Who has style and where does it come from? From the Ground Up explored the origins of style among Asian Pacific American youth。 High school- and college-aged artists present their personal style and visions of the street in original graffiti prints。 In partnership with the City of Seattle Office of Arts & Cultural Affairs, Comcast, Wing Luke Museum Annual Fund Donors。
Creation of Language
This exhibition investigated the fluencies and literacies of one’s language of heritage. Original mixed-media sculptures were created to explore perspective regarding the loss of language and the creation of new ones. In partnership with Comcast, Marguerite Casey Foundation, Wing Luke Museum Annual Fund Donors
That’s Messed Up, Yo…
This exhibit marked the exploration of milestone and movement among young people within Seattle’s Asian Pacific American community. Drawing on personal archives, nine high school artists reinterpreted their messy pasts and suggested creative futures that are not ruled. Original works of collage, drawing and text were featured. In partnership with Comcast, Marguerite Casey Foundation, Wing Luke Museum Annual Fund Donors.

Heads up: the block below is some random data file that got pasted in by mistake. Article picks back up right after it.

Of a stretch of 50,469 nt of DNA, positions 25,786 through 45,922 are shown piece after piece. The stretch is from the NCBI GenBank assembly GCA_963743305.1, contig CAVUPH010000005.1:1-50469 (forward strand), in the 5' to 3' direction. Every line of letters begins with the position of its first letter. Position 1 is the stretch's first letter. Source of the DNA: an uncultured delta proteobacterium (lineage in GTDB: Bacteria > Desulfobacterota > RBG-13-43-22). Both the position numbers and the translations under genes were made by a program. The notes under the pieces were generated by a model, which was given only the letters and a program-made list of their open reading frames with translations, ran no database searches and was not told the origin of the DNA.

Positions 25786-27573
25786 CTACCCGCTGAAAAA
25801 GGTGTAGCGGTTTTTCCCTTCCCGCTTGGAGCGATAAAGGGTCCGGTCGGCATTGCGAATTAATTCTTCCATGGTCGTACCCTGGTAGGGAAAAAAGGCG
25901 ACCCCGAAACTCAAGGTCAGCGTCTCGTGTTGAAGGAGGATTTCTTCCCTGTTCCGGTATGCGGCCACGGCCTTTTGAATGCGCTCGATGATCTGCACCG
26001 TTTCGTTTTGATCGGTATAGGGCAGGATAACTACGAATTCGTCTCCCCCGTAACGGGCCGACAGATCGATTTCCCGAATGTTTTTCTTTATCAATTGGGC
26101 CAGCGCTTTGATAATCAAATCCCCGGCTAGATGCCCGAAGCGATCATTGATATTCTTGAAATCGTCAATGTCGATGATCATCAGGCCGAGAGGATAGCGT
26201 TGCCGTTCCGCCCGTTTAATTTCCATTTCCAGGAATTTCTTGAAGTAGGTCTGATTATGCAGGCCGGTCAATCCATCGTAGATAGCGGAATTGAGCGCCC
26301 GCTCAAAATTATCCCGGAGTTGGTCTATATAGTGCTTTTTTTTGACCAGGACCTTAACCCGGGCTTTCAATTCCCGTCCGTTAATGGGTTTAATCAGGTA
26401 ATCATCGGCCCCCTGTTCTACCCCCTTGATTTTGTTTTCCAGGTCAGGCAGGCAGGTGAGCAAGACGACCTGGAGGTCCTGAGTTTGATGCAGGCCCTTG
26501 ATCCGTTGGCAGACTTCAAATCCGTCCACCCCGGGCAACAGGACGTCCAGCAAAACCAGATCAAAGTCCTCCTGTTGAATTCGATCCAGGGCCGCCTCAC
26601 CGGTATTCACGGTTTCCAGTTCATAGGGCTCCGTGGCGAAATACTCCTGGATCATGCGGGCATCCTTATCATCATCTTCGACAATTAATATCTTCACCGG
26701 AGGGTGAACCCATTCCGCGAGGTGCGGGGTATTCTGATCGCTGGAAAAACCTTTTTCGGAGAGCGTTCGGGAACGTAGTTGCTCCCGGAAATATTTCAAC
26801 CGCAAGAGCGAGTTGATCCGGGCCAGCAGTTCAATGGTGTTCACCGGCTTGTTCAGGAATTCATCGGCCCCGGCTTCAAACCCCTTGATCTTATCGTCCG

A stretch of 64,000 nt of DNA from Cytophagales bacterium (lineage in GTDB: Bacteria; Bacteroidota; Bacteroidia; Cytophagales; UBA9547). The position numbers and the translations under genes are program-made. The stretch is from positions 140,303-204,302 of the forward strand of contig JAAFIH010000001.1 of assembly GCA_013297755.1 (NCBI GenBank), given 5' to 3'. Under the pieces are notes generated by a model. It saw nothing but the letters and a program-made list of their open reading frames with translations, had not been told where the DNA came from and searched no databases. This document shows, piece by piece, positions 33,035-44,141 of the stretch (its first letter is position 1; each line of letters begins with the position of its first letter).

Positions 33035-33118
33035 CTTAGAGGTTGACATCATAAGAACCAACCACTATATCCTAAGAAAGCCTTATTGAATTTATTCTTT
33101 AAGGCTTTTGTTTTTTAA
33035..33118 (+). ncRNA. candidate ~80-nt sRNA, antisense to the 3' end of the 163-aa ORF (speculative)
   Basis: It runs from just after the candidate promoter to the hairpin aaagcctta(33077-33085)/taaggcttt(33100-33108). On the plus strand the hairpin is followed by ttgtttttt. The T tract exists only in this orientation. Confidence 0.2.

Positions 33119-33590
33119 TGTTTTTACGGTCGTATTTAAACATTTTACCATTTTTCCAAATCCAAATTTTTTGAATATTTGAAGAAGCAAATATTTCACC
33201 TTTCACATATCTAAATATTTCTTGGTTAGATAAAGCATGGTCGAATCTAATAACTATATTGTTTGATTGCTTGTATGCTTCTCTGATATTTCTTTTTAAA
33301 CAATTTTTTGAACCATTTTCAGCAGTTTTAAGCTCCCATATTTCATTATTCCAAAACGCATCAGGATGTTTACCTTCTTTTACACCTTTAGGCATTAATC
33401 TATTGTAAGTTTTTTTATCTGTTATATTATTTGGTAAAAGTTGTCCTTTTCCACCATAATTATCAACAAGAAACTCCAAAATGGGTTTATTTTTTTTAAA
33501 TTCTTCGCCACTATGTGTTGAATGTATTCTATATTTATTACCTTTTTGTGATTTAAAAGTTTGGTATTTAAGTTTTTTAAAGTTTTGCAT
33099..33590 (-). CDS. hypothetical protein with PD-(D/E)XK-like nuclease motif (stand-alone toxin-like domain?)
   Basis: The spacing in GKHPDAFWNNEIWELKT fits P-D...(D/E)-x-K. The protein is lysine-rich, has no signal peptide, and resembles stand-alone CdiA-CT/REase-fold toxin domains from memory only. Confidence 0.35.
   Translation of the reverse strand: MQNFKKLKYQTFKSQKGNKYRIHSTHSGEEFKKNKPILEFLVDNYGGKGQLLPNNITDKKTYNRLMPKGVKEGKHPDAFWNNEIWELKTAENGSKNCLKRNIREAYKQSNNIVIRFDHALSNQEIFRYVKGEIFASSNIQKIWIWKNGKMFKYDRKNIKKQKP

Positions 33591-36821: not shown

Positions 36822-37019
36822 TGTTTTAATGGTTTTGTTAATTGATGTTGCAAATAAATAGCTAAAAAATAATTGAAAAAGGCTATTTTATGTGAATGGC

A Call for Passions
幸运快3Smart. FOB. Gang Member. These are some of the words that described Asian Pacific Islander American youth. Noticeably, ‘passionate’ is not one of these words. A Call for Passions displayed the art of local Asian Pacific Islander American youth artists, winners of the 2009 YouthCAN High School Exhibits Contest, who expressed their passions and their talent through diverse mediums. In partnership with City of Seattle, Office of Information Technology, Comcast, Hugh and Jane Ferguson Foundation, Lucky Seven Foundation, Marguerite Casey Foundation, Wing Luke Museum Annual Fund Donors.
Weaving Stories of the Ages Generational Gaps within the Asian Pacific Islander American Community
This inaugural exhibition of the Wing Luke Asian Museum’s YouthCAN Program explored the generational divide between APA youth and their parents and grandparents. YouthCAN artists unearthed the generational gaps that exist in their lives and put forward bold ways on how to bridge them. Original works of glass and mixed-media were featured. In partnership with City of Seattle, Office of Information Technology, Comcast, Hugh and Jane Ferguson Foundation, Lucky Seven Foundation, Marguerite Casey Foundation, Wing Luke Museum Annual Fund Donors.